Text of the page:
Epson Executive HX-20
The Epson HX-20 (also known as the HC-20) is generally regarded as the first laptop computer, announced in November 1981, although first sold widely in 1983. Hailed by BusinessWeek magazine as the “fourth revolution in personal computing”, it is generally considered both the first notebook and handheld computer.
With about the footprint of an A4 size page, the Epson HX-20 features a full-transit keyboard, rechargeable nickel-cadmium batteries, a built-in 120 × 32-pixel LCD (smaller than that on many mobile phones today) which allowed 4 lines of 20 characters, a calculator-size dot-matrix printer, the EPSON BASIC programming language, two Hitachi 6301 CPUs at 614 kHz which is essentially a souped up Motorola 6801, 16 kB RAM expandable to 32 kB, two RS-232 ports at a maximum of 4800 bits/s for the first 8-pin DIN connector intended for modem or serial printer with the second port capable of 38400 bits/s using a 5-pin DIN connector which was mainly for use with external floppy drive and video display an early concept of docking station, a 300 bit/s acoustic coupler was available, built-in microcassette drive, barcode reader connector.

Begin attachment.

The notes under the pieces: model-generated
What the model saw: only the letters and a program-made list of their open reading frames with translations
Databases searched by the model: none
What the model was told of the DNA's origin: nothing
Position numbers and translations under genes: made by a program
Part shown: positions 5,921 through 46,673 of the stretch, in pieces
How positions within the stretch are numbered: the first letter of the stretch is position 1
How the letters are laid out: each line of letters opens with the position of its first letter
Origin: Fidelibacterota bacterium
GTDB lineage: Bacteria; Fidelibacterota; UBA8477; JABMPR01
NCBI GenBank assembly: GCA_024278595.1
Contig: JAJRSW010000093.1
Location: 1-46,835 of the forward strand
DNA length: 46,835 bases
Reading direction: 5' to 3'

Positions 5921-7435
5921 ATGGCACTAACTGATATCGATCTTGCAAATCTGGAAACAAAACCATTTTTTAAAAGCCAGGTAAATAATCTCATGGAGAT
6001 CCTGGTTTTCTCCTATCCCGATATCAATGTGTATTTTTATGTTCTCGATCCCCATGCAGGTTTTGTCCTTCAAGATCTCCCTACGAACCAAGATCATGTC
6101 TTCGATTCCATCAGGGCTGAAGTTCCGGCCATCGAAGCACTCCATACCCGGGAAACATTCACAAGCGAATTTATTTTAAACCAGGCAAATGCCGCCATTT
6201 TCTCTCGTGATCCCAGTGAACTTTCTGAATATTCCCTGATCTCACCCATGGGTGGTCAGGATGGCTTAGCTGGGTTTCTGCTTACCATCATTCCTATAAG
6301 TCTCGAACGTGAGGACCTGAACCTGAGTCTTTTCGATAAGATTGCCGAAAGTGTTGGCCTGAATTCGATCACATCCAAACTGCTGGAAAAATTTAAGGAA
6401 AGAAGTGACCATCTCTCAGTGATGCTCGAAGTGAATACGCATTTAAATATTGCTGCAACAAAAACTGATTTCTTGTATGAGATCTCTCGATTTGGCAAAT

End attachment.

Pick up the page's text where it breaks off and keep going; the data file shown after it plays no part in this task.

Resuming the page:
Announced: November 1981
Our model has the Executive brown carry case which includes doumentation, AC PSU and a ROM cartridge. It has the code reference UA and a serial number of 021992
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This exhibit has a reference ID of CH30960. Please quote this reference ID in any communication with the Centre for Computing History.